I haven't seen this movie in many years but it certainly left its mark on me. Based on a true story, Legend traced the path of Lizzie Borden who was accused of brutally murdering her father and step-mother. At her trial witnesses recount what may or may not have happened. Lizzie keeps a poker face through the proceedings and when it's all over you will still be left with questions. Fantastic storytelling made even better with incredible performances from the entire cast (which include Katherine Helmond from SOAP as the mousy sister), but of course most of the movie’s phenomenal success can be credited to Ms. Montgomery who was so chilling your blood is guaranteed to freeze. No joke.

A Terrifying Beauty

Lizzie was nominated for numerous awards including three Emmy's, winning Best Costume Design and Editing. Elizabeth was nominated for best actress but the award went to Katherine Hepburn for Love Among the Ruins. In fact, Elizabeth never did take home an Emmy, even though she was nominated NINE times! The whole thing is beyond me. If one movie has ever paved the way for an actress to break out of a stereotype, it was Legend. Elizabeth also starred in these other made for television movies:

The Victim (1972)
A Case of Rape (1974)
Dark Victory (1976)
A Killing Affair (1977)
Act of Violence (1979)
The Rules of Marriage (1982)
Missing Pieces (1983)
Second Sight: A Love Story (1984)
Between the Darkness & the Dawn (1985)
Sins of the Mother (1991)
With Murder in Mind (1992)
Black Widow Murders (1993)
The Corpse Had a Familiar Face (1994)
Deadline for Murder: From the Files of Edna Buchanan (1995)

Elizabeth was a consummate actress who chose her roles wisely. It was obvious that she loved what she did and we loved watching her. She may have never taken home that coveted statue but she endeared herself forever to fans of the made for television movie. And really, isn’t that way cooler?

Sunday, September 21, 2008

The Top Ten Must See Made for Television Horror Films of the 70s

Are these my all time favorites? Not necessarily, but most of the titles I chose would end up in my top 30 for sure… There’s another list I’ll have to make! This list is just a starter guide or better yet, a catalog of films worth mentioning. And not just here. Most of these films should be in any film lover’s vocabulary. Guaranteed to elicit some doy-inducing reactions from the made for TV set, I still thought it was a list worth putting together, because you never know when someone needs guidance and is afraid to ask. Plus it gives me an excuse to revisit some great films. And what do I always say about excuses? When they come to watching great films, excuses are pretty dang awesome.

Duel (1971) – Richard Matheson is a freaking genius. Steven Spielberg is a mastermind as well. Combine their talents and you’ve got two great tastes that taste great together! The ultra-cool Dennis Weaver plays David Mann (a nice bit of obvious symbolism) who goes up against a malevolent truck in one of the most beloved films of the 70s. Oh wait, even better, Duel is the most beloved made for television horror movie of all time. Isn't that stretching things a bit? Not really. A young Spielberg cut his chops on a simple premise and exposed audiences to his immense talent. In my opinion, I only place Jaws above this title in the director’s filmmography. As for Matheson, I’m not sure I could choose. His assured hand at suspense on the small screen is absolutely unheralded even today. Screw you HBO!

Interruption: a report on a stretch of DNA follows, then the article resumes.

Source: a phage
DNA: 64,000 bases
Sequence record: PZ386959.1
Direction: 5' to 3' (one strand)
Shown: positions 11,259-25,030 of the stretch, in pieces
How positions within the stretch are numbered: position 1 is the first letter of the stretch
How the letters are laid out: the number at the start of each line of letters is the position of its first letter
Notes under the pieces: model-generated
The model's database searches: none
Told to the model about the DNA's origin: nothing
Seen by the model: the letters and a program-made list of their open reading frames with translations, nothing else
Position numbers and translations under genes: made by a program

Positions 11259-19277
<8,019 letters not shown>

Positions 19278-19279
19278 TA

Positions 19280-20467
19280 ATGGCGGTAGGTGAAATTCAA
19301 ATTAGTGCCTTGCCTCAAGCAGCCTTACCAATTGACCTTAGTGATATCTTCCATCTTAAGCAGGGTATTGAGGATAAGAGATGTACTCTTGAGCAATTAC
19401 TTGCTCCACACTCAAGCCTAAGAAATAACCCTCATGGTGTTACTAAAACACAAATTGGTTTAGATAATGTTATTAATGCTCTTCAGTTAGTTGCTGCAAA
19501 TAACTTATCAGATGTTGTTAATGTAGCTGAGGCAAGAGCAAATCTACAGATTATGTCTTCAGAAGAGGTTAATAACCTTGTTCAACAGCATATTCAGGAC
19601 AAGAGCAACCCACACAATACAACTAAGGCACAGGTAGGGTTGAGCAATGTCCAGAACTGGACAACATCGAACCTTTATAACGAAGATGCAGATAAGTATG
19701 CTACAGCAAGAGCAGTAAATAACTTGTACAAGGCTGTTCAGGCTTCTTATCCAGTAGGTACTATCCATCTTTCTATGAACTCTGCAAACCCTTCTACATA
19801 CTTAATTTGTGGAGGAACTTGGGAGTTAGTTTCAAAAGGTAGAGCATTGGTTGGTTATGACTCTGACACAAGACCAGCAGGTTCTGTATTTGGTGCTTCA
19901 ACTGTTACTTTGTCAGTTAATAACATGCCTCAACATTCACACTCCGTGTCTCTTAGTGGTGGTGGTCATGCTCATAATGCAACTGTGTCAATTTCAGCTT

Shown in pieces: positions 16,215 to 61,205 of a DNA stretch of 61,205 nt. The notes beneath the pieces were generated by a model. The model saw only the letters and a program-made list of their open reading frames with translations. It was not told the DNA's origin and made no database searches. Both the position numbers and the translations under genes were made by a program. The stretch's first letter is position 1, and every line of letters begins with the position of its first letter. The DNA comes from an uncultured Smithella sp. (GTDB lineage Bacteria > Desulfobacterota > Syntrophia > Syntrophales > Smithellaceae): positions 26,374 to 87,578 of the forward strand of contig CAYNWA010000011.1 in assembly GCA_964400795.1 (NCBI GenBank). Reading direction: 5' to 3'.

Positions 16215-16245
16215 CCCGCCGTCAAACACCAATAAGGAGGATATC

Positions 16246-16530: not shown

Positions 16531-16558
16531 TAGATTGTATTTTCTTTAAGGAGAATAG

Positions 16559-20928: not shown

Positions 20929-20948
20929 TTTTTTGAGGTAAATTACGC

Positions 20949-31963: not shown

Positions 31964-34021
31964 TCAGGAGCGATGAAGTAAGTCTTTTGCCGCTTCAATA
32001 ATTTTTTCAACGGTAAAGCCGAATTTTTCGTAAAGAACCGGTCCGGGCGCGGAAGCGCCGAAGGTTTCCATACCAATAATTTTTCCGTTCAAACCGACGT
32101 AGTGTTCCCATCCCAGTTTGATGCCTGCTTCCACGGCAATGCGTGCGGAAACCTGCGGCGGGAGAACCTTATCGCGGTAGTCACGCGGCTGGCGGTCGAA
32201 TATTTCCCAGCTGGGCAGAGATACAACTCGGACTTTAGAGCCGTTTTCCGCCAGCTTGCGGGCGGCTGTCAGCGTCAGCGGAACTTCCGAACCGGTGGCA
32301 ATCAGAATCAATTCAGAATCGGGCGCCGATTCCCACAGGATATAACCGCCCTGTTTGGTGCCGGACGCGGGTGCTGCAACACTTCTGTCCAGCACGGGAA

Gargoyles (1972)
Anyone who caught this movie in the 70s was in for a real treat and it’s likely you remember Bernie Casey as the leader of the Gargoyles. That was one bad ass dude, er, gargoyle. The Plusses: A young Stan Winston did the extraordinary make up effects, the actors invited the absurdity of the situation with such glee (including Jennifer Salt as the eye candy who forgot to pack anything but bikini tops and Grayson Hall who gets weird sexual pleasure talking about car crashes!) and some of the set-pieces were wonders of the “less is more” school of thinking. That recipe equaled success and left us with one of the best examples of excellent made for television filmmaking. Click on title for a full review.

Home for the Holidays (1972) –
What good is a list without a slasher movie on it? I’m including shopping lists too (please insert your own Chopping Mall joke here). Yup, they even made slashers for the small screen and when done right, they ruled the known (and possibly unknown) universe. This warped tale of a family so dysfunctional the Ewings would be jealous, presents a lot of twist and turns and some grand, suspenseful kills. The cast is top notch too, featuring Julie Harris, Sally Field and Jessica Walter among others. My favorite director in the whole wide world (or known and unknown universe if pushed), John Llewellyn Moxey slowly builds suspense and keeps you guessing. More importantly, it will keep you on the edge of your seat! And that ending! Wow.

The Night Stalker (1972) – Darren McGavin is Carl Kolchak, a beleaguered reporter set on proving the supernatural does indeed exist. He is also one of the most beloved characters in horror films. This movie was so popular is spawned a sequel and a short lived series with the same title. It also inspired Chris Carter to create a show with a similar riff. You may have heard of it, it’s called The X Files. McGavin even played a recurring character on that show and it was the sincerest form of flattery. In Stalker McGavin is younger, strangely sexy and just fantastic as Kolchak, who is hot on the heels of a scary vampire – in Las Vegas no less (where it’s always day if you lived downtown, so that must have been tough). Yet another treasure from Richard Matheson and John Llewellyn Moxey.

Don’t Be Afraid of the Dark (1973) –